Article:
In practice, however, the typical bathroom is pretty much MDF’s Kryptonite. It provides the perfect environment for water to seep into MDF molding.
There is a reason why standard MDF isn’t used outside (even with a waterproofing sealing coat). This material simply can’t handle being in places that have a lot of humidity and water.
So, Where Should You Not Use MDF Crown Molding And Trim?
Avoid installing Standard MDF crown molding in the bathroom and kitchens—two home spaces that tend to be highly humid.
Standard MDF isn’t waterproof—even when its been sealed with a waterproofing finish. But, you can install Exterior Grade MDF crown molding in the kitchen.
Exterior graded MDF is a very dense version of MDF that’s also fairly moisture-resistant. And this material was designed for use in outdoor structures.
This material can handle high humidity situations, but you still can’t get exterior graded MDF wet. So, this moisture-resistant MDF is suitable for kitchen environments… but should not be used in bathrooms.
But I’ve Already Installed MDF Molding In The Bathroom! What Can I Do To Waterproof It?
There is little you can do to properly 100% waterproof standard MDF molding. But, you can make MDF molding more water-resistant by coating it with an oil-based exterior-graded paint.
Exterior-graded paint can be coated onto surfaces that’ll face all weather conditions. So, this paint can shrug off both rainfall and intense UV sunlight with equal aplomb.
More importantly, it will prevent water from seeping past it’s coat, and soaking into the MDF material underneath.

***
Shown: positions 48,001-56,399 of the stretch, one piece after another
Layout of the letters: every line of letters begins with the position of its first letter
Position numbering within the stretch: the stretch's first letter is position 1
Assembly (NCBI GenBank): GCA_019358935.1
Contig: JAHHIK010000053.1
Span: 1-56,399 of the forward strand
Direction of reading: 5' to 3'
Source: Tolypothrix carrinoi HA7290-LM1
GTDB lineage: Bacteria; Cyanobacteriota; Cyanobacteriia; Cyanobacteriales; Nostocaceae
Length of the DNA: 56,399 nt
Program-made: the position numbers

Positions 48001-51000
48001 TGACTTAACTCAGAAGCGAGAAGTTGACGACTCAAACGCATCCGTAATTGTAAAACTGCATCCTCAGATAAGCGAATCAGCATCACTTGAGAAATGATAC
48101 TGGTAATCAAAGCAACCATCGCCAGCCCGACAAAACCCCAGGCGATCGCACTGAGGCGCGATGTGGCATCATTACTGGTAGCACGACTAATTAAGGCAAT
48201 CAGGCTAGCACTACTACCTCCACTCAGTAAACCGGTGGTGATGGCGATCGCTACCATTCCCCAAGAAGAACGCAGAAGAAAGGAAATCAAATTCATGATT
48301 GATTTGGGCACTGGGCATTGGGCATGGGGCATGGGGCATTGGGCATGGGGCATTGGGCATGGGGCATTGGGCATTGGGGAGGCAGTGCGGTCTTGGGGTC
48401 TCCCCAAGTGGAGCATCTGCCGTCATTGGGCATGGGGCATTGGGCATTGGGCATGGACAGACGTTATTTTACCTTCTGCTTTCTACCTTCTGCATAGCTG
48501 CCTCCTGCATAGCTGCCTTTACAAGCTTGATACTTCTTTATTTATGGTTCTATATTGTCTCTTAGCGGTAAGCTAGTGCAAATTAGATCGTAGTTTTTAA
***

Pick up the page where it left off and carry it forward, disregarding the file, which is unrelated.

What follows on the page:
But, just to be clear, this paint won’t make MDF water-tight. However, it will go a long way towards protecting MDF from splash-back.
And What Is The Best Exterior Graded Paint?
The most water-resistant paint is the type used to coat marine-side structures and boats.
This paint is literally designed to survive being submerged in water. And it is not only water-resistant and weather-proof, it is also scratch-proof too.
So, one of the best exterior-graded paints, is Rust-Oleum Marine Topside Paint.
Available in 9 different colors, this glossy paint can be coated onto wood or even fiberglass. So, it can be applied onto MDF’s smooth surface easily.
It scratch resistant of course, but what’s more, it is also mildew and moisture resistant too.
To Wrap Up, Here Are The Key 3 Takeaways…
- 1). MDF (Medium Density Fiberboard) is more affordable than solid pine wood.
- 2). However, MDF is more moisture-absorbent than natural wood, and is easily water-damaged.
- 3). MDF crown molding shouldn’t be installed in high humidity areas, (such as the bathroom and kitchen).
Pinchevska, O., Sedliačik, J., Zavorotnuk, O., Spirochkin, A., Hrabar, I. and Oliynyk, R., 2021. Durability of kitchen furniture made from medium-density fibreboard (MDF). Acta Facultatis Xylologiae Zvolen res Publica Slovaca, 63(1), pp.119-130.
Ayrilmis, N., Laufenberg, T.L. and Winandy, J.E., 2009. Dimensional stability and creep behavior of heat-treated exterior medium density fiberboard. European Journal of Wood and Wood Products, 67(3), pp.287-295.